A Concert of Plants in a Newburgh Ruin | Visual Arts | Hudson Valley

What is the sound of three plants vibrating? Behind the brick facade of a roofless brick building in Newburgh, an installation by Martin Roth seeks to find out.

Martin Roth (1977-2019) was an installation artist whose work often incorporated living organisms into pieces that unfolded narratives through poetic interpretations of sites. The titles of some of Roth’s works give an idea of ​​his process and the scope of his imagination and ambition: In October 2014, I rescued lab mice so they could play Swan Lake, In June 2012 I flooded a gallery in Austria,and From July to August 2012 I lived with sheep in Europeand In November 2017, I recovered a plant from the garden of a mass shooter. In Roth’s work, the environment itself can become a collaborator. Roth told the Creative Independent
shortly before his death: “For many people, nature is an app or something they listen to to fall asleep, a digital recording of a rainforest or something like that. My work creates a strong reaction, because of course you don’t believe that grass or trees or lavender can live inside a gallery.

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Kelly Schroer, who directs Vaultan organization promoting and conserving contemporary art that interacts with the architecture and history of Newburgh, invited Roth to come to Newburgh in 2017 after seeing his work at Bard’s Hessel Museum (From January to March 2015 I grew corn for a plant concert given in a museum). The site Schroer showed Roth, 120 Grand Street, holds a special place in the city’s history. The “City Club” of Newburgh was originally built as a private home in 1852, designed by renowned architects Andrew Jackson Downing and Calvert Vaux. It is one of the last buildings in the city’s Downing still standing.

“Upright”is a relative term, as the building is now an empty shell, having been slowly overtaken by nature over the following decades. Roth’s facility, From 2017-2021 Martin Roth transforms a ruin into a garden for a green concert, transforms this accidental process into an intentional process, as he noted at the beginning of the project. “While the citizens of Newburgh are very aware of the nature that overtakes the buildings and see it primarily as an eyesore, I want to alter and shape the environment inside the building to emphasize the beauty of nature by reclaiming a site in urban setting,” Roth wrote.

While Roth passed away in 2019, his vision is coming to fruition this weekend. “Normally, I wouldn’t create a huge installation by a deceased artist,” says Schroer. “The only way that’s possible is if Martin set up a frame for the artwork and let the artwork happen. That’s how he worked. When he’s died in 2019, the framework was very advanced, he also left notes on the different types of plants to use, and the path through the installation was already underway.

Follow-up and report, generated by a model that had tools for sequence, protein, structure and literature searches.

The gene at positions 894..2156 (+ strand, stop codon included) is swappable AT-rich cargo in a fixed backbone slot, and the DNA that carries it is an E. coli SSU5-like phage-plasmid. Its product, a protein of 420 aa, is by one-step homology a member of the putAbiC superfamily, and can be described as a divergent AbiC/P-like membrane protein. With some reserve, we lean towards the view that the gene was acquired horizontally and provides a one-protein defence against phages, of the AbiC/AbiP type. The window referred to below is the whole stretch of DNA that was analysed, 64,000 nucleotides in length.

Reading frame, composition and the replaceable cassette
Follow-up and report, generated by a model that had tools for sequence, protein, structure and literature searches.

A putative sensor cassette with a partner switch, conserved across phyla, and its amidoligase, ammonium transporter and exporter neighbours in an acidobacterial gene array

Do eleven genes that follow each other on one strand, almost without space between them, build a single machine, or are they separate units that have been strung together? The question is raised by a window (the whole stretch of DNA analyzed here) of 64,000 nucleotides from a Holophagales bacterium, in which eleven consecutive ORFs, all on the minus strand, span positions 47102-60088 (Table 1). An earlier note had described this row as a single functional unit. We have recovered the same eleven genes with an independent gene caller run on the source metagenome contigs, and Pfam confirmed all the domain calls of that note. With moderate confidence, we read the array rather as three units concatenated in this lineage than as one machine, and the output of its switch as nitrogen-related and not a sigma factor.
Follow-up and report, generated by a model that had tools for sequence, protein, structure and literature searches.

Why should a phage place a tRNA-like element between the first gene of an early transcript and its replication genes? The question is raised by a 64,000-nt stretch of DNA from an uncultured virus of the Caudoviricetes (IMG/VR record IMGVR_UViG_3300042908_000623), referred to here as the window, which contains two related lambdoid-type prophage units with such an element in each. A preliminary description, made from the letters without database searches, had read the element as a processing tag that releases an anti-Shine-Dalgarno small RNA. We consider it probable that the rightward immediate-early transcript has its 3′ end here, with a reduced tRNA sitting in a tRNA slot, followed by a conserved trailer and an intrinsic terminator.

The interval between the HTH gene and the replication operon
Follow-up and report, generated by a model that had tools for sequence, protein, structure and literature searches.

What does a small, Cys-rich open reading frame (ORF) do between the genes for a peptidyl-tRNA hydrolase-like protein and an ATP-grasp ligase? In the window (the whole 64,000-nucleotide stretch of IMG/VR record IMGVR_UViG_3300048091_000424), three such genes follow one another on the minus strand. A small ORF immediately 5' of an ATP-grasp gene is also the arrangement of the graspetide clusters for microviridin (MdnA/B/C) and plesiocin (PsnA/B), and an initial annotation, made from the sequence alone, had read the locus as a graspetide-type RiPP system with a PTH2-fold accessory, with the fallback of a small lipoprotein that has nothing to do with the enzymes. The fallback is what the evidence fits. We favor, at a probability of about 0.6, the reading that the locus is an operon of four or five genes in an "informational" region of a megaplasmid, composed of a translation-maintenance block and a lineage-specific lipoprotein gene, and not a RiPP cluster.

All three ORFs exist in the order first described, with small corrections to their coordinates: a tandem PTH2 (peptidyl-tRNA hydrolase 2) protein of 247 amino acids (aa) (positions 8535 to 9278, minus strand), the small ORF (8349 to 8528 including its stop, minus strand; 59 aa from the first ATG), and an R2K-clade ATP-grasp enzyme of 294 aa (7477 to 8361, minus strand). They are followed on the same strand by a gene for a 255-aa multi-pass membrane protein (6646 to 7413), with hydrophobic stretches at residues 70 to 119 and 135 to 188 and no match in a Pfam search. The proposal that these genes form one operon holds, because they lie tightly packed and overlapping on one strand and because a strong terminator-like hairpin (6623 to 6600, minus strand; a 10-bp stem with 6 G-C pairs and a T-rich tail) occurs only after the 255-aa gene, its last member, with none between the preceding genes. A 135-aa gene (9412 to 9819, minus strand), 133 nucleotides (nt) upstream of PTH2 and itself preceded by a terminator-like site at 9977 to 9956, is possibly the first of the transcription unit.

What Roth imagined and began, and what Schroer completed, is a botanical fantasy in the middle of a ruin. A jungle of plants and mature trees grow atop the roofless structure while newer plantings have been installed under the tree canopy. “Martin wanted to make it feel like you were experiencing a magical garden in an abandoned building,” Schroer explains.

Among the piles of bricks and trees and plants is also a sound installation in a natural amphitheater. “It’s a concert made by trees,” says Schroer. How it works: According to Roth’s specifications, sensors were attached to three trees – “at the root and the leaves -” that transform the plants’ electrical frequencies into musical notes played through loudspeakers. The ambient sound creates a plant concert interpreted by a mini-orchestra of flora. Like much of Roth’s work, the site is a clever crop of exit conditions. “I believe if you change reality a little, everything changes,” Roth wrote.

From 2017 to 2021, Martin Roth transformed a ruin into a garden for a plant concert, located at 120 Grand Street, will be open Saturdays and Sundays from 12 p.m. to 5 p.m., July 10 through October 31. Free entry. Some upcoming discussions on the site include:

Johanna Yaun, Orange County Historian, will give a talk on “Downing and Vaux: Collaboration and Friendship,” Saturday, July 17 at 4 p.m. and Sunday, August 22 from 11 a.m. to 12 p.m.

Art historian Arnaud Gerspacher will speak on “Martin Roth and the critical possibilities of wonder” on August 28 from 3 to 4 p.m.

Botanist Peter Del Tredici will give a talk entitled “A Walk on the Wild Side: The Hierarchy of Plants” on September 25, from 3 to 4 p.m.